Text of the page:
Women are the backbone of the rural economy, especially in developing countries. They make up almost half of the world’s farmers, and over the last few decades, they have broadened their involvement in agriculture. The number of female-headed households has also increased as more men have migrated to cities. As the primary caregivers to families and communities, women provide food and nutrition; they are the human link between the farm and the table.
As the global community works toward achieving the Sustainable Development Goals (SDGs) — among them, SDG2, which aims to end hunger and malnutrition by 2030 — women can be the key agents of change in agriculture, nutrition and rural development. With better access to information, training, and technology, women can alter food production and consumption so that land and resources are used sustainably.
For International Women’s Day, the World Bank is shining a spotlight on women who exemplify this year’s theme: #BeBoldForChange. In field visits and projects, we have met women who are the change agents in their villages and communities. Whether they work on a farm or in a lab, women around the world are transforming agriculture to be more resilient and sustainable.
Thanks to training programs that teach climate-smart farming practices, Kenyan farmers like Mercy Wairimu and Catherine Akinyi Owiti have been able to expand their farms into thriving, sustainable businesses. Wairimu has been a poultry farmer for 10 years. “I used to have a few small indigenous chickens here and there, running around my compound,” she explains. “But then the Kenya Agricultural Productivity and Agribusiness Project (KAPAP) came. It expanded my mind and my business. I now have 1,000 birds.” With the profits from her farm, Wairimu is able to send her three children to school and university.
Owiti chairs a women’s group that manages a farm where the community comes to learn climate-smart farming techniques that increase their harvests and their resilience to a changing climate. At her own personal quarter-acre farm, the mother of five now produces six times more food than before by using climate-smart techniques.
Two out of every three Samoans work in the agricultural sector, rearing livestock, growing crops, or a combination of both. After a large drop in the country’s calving rate, new cattle were imported to boost numbers and improve the genetics of Samoa’s livestock. Agnes Meredith, Chief Veterinary Officer at the Ministry of Agriculture of Samoa helped managed the project, which was the first time ever that cattle have been flown in from Australia “I think [this project] is going to boost the calving rate up to 60 or 80%, hopefully in the next five years,” said Agnes Meredith. “We’re making progress and this is a new start, getting these cattle in. It’s really good for our farmers.”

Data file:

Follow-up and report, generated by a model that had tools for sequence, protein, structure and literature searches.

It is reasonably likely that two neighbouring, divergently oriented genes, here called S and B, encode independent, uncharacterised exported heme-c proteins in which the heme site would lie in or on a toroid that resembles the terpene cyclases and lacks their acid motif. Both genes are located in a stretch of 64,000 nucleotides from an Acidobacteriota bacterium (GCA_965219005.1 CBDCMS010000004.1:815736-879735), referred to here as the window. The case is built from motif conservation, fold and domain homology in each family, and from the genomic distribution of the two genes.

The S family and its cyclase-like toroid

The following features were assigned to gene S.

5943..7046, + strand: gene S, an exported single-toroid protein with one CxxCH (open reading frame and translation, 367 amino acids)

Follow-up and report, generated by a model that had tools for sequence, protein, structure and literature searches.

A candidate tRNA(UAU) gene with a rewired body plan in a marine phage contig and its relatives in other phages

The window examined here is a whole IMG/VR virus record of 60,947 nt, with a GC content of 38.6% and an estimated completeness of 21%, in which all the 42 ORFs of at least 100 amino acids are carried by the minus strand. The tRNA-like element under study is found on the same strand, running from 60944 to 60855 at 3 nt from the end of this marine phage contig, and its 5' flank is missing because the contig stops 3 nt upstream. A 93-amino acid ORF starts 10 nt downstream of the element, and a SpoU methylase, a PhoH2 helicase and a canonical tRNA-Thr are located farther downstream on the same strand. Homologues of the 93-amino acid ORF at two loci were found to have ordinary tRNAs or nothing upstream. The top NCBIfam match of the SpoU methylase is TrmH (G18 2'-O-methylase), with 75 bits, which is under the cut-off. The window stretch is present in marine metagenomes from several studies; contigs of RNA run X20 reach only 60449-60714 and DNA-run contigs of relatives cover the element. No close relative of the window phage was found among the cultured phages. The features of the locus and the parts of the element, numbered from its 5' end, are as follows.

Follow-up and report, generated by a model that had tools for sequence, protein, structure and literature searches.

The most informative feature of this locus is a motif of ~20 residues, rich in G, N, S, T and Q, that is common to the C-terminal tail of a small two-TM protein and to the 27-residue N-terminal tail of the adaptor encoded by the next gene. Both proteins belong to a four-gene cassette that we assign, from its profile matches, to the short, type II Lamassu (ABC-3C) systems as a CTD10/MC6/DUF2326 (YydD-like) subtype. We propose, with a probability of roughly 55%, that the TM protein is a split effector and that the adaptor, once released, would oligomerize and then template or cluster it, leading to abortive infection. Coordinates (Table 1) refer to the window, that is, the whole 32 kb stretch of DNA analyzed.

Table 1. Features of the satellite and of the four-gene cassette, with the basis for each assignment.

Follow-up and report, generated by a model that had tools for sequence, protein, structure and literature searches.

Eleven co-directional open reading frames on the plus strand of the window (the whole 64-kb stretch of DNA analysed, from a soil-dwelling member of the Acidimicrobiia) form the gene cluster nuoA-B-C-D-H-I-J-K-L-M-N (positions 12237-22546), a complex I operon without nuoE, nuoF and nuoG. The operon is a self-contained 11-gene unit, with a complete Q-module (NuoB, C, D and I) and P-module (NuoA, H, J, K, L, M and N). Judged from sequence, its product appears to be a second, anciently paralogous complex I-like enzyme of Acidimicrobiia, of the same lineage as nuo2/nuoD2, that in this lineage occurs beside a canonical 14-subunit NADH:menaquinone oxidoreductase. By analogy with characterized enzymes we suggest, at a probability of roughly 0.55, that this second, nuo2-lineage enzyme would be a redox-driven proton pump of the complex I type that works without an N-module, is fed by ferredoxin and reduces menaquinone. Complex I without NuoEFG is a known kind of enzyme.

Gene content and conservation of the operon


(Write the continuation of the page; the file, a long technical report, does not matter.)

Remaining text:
Rozzana Medina has managed the laboratory of in vitro culture at Bolivia’s National Institute for Agricultural Innovation and Forestry (INIAF) for almost ten years. Her lab stores the entire collection of Bolivian Andean tubers, among other crops. “We women show equal or even better capabilities for agricultural research compared to our male counterparts when we have the opportunity,” says Medina. “Increasing the numbers of women at INIAF will enrich the work of the institution.”
In Benin, Eugénie Faïzoun manages a multipurpose farm that is innovating agricultural and fish farming practices. With 21 years of experience, Faïzoun is renowned for her expertise in fish farming, and she works with several institutions to train future fish farmers. “I have already trained 227 individuals under projects financed by Japan and the World Bank,” she says. Faïzoun, who also chairs the Union régionale des coopératives de pisciculteurs de l’Atlantique, recently launched a project to expand her production facility.
“I am not a farmer myself, but I come from a region where farming is very important and employs many women,” says Fatoumata Bineta Diop, a coordinator for Senegal’s National Board of Women in Livestock Farming. Through events and training programs, Diop works to attract young women and men to jobs in the agriculture sector. “It is important that older generations of farmers pass down their knowledge to new ones, and that new generations bring additional knowledge and techniques to keep the sector alive and profitable.”
Fufu, a starchy dish often made with cassava and plantain flour, is a staple food in Côte d’Ivoire and other West African countries. Gnagne Hadiouwe Eliane, a biochemist at the Université d’Abobo-Adjamé recently invented a banana plantain flour for making fufu that has a longer shelf-life than others, is safe to eat and easier to cook. Eliane is just one of many agricultural scientists in West Africa working to develop new technologies and techniques to boost agricultural productivity and food and nutrition security.